τm =

2 tan β = sin ϕ

τ m = c cos ϕ + σ m sin ϕ

β

c cos ϕ σ1 + σ 3

σm = 66

2

Failure criteria

Failure criterion is a mathematical relation or

formula, which expresses the ultimate rock

strength considering the loading conditions.

Based on that stability of the rock can be

assessed, & presented in terms of safety factor.

Each failure criterion has got its own

applications & limitations. The most important

criteria used in rock engineering applications

are discussed here.

67

1. Coloumb failure criterion

not a function of stress. Also it is not

applicable in tensile region

τ

φ

Tensile region

σn

region

τ

φ

σn

3. Mohr failure criterion

He mentioned that at high normal stress,

friction angle reduces

τ

68

σn

4. Griffith failure criterion

It is for brittle & crispy rocks with small

cracks. Each crack is modeled as an ellipse,

where the failure is due to tensile force at

crack tips. This criterion studies the initiation

of crack & does not show post peak failure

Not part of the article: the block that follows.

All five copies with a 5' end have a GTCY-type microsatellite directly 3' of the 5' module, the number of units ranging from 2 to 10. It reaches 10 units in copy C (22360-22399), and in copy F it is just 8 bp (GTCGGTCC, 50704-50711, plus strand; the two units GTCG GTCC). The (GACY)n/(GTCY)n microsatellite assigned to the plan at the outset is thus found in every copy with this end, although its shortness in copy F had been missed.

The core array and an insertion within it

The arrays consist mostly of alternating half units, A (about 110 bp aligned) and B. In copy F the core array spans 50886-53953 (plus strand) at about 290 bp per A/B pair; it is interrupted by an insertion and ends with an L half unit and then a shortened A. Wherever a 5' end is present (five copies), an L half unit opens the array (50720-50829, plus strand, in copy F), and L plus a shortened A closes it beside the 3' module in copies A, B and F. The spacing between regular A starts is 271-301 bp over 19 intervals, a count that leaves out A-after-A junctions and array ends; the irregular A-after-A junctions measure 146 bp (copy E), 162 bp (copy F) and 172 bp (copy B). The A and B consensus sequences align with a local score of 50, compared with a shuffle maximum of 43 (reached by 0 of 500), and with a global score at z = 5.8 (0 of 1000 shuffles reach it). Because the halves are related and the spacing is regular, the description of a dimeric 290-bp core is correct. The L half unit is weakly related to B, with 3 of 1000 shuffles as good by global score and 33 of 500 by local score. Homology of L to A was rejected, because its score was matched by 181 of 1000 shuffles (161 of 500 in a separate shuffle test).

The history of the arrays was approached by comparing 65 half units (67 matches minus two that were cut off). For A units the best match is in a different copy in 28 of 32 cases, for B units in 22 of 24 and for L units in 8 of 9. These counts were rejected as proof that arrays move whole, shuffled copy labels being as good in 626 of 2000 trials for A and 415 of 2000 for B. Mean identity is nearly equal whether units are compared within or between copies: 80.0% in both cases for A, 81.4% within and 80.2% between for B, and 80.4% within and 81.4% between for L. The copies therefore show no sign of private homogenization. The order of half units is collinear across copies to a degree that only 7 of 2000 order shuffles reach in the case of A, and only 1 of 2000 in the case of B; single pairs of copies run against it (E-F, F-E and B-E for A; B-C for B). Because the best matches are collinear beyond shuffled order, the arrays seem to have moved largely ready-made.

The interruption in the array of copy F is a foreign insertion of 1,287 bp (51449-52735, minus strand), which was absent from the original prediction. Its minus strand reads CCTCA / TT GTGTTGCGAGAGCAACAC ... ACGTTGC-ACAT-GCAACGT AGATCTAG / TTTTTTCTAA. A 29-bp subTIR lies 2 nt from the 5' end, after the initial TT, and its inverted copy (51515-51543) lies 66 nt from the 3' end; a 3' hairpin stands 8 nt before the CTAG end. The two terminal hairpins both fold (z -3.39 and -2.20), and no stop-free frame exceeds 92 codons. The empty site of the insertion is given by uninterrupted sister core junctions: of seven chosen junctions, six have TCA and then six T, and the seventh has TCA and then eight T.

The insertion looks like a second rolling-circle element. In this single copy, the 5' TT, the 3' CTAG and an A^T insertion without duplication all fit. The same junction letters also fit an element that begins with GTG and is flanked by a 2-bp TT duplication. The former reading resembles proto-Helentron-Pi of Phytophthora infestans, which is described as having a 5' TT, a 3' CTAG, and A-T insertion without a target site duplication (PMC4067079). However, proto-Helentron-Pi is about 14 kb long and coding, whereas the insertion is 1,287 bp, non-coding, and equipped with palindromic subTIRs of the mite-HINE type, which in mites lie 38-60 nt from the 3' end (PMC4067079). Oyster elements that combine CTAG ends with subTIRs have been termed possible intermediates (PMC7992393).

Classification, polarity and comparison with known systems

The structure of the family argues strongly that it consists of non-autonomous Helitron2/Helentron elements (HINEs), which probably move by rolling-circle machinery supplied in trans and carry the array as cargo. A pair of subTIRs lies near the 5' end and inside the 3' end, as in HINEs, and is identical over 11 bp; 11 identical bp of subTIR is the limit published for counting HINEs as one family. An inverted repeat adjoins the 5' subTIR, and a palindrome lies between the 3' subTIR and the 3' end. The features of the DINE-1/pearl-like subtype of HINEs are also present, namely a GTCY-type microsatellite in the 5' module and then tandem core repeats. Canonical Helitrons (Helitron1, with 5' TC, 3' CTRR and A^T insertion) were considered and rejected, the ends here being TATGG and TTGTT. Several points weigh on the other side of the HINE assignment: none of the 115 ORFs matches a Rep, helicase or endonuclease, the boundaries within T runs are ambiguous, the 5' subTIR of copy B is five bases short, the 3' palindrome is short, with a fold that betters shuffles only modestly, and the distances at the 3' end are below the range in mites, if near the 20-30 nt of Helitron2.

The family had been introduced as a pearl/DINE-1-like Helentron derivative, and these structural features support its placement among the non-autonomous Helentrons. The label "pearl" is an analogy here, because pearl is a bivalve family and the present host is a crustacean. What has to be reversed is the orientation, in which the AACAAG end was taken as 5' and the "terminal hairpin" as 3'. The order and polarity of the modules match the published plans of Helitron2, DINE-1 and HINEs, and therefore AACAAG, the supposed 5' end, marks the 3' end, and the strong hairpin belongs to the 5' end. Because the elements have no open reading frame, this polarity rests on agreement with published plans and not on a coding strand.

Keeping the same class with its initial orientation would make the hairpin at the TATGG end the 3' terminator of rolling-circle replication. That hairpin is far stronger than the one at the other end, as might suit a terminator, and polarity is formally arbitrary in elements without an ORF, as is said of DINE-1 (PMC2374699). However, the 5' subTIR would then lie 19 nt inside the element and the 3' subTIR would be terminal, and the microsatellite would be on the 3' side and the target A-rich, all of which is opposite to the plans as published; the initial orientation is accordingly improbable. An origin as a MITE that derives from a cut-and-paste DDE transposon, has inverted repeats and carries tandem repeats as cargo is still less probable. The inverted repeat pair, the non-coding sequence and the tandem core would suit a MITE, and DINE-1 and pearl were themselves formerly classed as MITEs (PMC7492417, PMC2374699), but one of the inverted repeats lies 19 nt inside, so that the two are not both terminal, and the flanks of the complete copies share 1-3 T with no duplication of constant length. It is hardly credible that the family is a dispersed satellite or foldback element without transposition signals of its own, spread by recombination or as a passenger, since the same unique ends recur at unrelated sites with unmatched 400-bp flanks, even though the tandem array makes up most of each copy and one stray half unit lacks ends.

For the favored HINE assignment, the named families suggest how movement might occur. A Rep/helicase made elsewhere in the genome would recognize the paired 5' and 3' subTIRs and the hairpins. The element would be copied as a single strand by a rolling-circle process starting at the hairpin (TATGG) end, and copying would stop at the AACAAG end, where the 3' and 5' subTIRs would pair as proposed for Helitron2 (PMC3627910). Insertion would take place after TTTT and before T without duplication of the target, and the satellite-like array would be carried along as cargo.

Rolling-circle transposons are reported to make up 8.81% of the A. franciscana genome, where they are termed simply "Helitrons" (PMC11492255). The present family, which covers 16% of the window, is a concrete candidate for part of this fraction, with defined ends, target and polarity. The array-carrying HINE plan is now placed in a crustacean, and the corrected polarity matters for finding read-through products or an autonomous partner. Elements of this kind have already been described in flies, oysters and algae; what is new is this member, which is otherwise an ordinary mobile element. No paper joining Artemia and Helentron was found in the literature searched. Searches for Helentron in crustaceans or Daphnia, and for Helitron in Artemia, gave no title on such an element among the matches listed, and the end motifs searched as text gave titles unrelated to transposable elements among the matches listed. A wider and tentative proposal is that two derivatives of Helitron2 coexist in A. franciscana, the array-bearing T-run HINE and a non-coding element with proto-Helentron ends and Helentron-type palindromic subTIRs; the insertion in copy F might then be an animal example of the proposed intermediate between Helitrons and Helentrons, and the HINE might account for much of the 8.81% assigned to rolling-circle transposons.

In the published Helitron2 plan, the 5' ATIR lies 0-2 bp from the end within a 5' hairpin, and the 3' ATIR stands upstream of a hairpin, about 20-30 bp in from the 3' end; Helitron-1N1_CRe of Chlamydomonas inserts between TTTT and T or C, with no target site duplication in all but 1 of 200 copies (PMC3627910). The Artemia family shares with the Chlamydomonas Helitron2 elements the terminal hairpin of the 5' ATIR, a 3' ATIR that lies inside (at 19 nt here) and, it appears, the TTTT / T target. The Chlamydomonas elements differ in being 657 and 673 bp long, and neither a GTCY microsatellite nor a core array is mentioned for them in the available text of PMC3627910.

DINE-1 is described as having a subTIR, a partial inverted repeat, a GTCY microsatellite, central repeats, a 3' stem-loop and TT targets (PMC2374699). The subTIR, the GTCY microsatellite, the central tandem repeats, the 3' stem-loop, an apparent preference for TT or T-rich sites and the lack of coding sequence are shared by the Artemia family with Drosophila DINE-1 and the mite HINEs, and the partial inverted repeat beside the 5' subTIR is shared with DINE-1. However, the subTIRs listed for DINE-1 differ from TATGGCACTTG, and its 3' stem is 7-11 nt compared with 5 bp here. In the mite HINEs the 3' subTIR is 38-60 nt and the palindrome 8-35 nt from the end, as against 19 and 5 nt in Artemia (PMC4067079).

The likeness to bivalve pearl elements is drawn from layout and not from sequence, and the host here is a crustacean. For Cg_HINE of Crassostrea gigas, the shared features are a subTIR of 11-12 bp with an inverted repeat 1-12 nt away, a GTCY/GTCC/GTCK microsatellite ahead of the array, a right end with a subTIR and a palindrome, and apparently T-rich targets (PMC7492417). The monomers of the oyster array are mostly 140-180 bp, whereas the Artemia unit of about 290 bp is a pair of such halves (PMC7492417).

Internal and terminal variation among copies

behaviour

tension

τ

τ 2 = 4 St2 + 4σ n St

2St

St σn

∂τ 4 St

tan φ = =

∂σ n 2 4 St2 + 4 Stσ n

C = 2S 0 Nφ cohesion

⎧(σ 1 − σ 3 ) 2 = 8 St (σ 1 + σ 3 ) σ 1 + 3σ 3 > 0

⎨ 69

⎩ σ 3 = − St σ 1 + 3σ 3 < 0

5. Hoek-Brown failure criterion

criterion in rock engineering applications

⎧ σ1

σ 1 = σ 3 + mσ Cσ 3 + Sσ ⎪⎪σ 1n = σ

2

C

⎨

C

σ 1n = σ 3n + mσ 3n + S σ

⎪σ 3n = 3

⎪⎩ σC

S: constant related to degree of fracturing (S=1 for

an intact rock)

m & S are given for some rocks in tables or can be

calculated using laboratory data

estimated as below

σ 3 = 0 → σ = Sσ C2

1

σ 1 = 0 → σ t = σ C (m − m 2 + 4S )

2

70

6. bieniawski failure criterion

constants m & n should be determined using

laboratory test data

σ 1n = 1 + m(σ 3n ) n

τp

Sf 1 1 1

= +

τp −c µ ′.σ Sf −c

σ

1

τp −c

1

µ′ =

α 1 tan α

σ

71

Ground stresses

stresses & induced stresses. In situ stresses

are those which exist in the ground naturally

before any engineering work. After an

engineering construction, stresses are

changed & induced stresses are introduced

In situ stresses

1. Overburden stresses

This is due to the weight of overlying layers.

In very high depths, vertical & normal

stresses become very close & stresses

become hydrostatic

2. Tectonic stresses

Due to movement of tectonic plates & …

3. Thermal stresses

Due to thermal changes (seasonal, disposal

of warm material, …)

4. Residual stresses

Due to some crystallization, sedimentation,